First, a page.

I'm sure different people have their own views on what "self-reliance" means. For some, it may simply mean financial independence and security. For others, it may mean cooking meals instead of ordering out, or hunting/fishing to provide for yourself and your family. And for others, it may mean complete self-sufficiency, growing or raising all your food and being completely cut off from the outside world.

For myself, I fall somewhere in the middle of the grand continuum. While I am by no means completely self-sufficient, my wife and I have spent that past few years striving for a more sustainable lifestyle. We have our chickens, who provide us daily food. We have our garden, from which we get vegetables. And we have a local CSA, where we get fruit and even more vegetables.

Before I ever took an interest in Norse Paganism, I was interested in being self-sustaining. I learned to bake, to cook, and to perform basic maintenance on the machinery and tools I have around the house. I learned that I could accomplish a great deal on my own, and didn't need others to help me.

One of the great notions that is presented in Norse Paganism is that the Gods want you to rely on and support yourself. You are not required to ask for their help or guidance. They don't care if you are struggling. In the end we are made stronger by the fight, by the daily challenge of maintaining and growing what we have. I don't mean wealth or power or objects. Self-Reliance requires us to strip away the things that are not essential to our lives, and focus on the things that truly matter.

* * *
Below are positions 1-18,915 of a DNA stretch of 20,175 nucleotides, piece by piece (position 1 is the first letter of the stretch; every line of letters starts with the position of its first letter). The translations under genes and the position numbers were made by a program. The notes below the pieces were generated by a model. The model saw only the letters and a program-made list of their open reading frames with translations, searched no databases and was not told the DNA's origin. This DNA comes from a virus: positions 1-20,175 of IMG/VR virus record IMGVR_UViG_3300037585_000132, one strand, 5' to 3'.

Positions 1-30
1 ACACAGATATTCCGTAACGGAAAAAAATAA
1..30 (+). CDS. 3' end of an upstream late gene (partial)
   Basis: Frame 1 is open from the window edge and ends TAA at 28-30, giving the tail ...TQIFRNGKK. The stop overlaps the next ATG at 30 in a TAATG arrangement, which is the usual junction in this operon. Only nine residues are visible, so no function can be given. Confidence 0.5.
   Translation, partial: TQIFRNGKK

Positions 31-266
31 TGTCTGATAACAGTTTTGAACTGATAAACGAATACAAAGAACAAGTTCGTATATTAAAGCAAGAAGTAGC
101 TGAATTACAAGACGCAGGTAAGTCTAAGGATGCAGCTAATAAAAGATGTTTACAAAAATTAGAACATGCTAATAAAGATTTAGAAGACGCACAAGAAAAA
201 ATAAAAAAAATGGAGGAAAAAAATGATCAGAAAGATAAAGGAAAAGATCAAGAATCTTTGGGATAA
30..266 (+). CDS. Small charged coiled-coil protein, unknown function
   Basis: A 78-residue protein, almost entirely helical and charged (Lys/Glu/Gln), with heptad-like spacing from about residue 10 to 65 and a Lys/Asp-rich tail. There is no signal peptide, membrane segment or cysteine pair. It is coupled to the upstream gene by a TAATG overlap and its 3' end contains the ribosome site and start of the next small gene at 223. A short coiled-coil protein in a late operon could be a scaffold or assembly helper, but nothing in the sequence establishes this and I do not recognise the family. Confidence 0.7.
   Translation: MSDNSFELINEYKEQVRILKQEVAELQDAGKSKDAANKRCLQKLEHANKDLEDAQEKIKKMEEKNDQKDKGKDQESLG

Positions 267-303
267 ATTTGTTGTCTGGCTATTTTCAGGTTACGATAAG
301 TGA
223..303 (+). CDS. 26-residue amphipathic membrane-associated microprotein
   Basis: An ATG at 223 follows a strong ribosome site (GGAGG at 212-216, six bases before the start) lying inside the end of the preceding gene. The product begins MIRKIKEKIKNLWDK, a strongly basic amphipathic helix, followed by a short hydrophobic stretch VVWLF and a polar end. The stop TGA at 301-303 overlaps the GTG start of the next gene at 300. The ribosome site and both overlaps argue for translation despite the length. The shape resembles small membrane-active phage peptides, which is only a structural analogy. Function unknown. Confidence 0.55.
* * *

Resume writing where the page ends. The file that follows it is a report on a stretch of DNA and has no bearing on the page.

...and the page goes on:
I don't expect the Gods to provide. I don't expect gifts. I expect that I will be working harder and longer to achieve  my aims. And that is exactly what the Gods expect of me.

Monday, August 16, 2021

Community, Then and Now

The modern Heathen community can be found online.

One of the central themes in Norse culture was the idea of community. This went beyond just your blood relatives and family, and generally included others you relied on for survival. Friends and neighbors were just as important in many ways as those who lived in the same home. 

It's hard for us to fully grasp the culture that persisted in Scandinavia during the Viking Age and earlier. Even with written and archaeological records, there are significant gaps and things we just can't understand. What we do know is that these people had a very different view of the world, who they were and how they fit into it. We can imagine our ancestors sitting around a fire, listening to stories of spirits and gods who performed great deeds and whose presence was felt all around them as an integral part of their lives.

For modern Heathens, community is especially important. Having grown up in the Christian tradition, the grassroots feel of modern Heathenry was shocking at first. Part of me enjoys the freedom of being able to do my own thing without worrying that I've got it wrong. On the other hand, there's limited access to a broader community in my area to make sure I've got it right.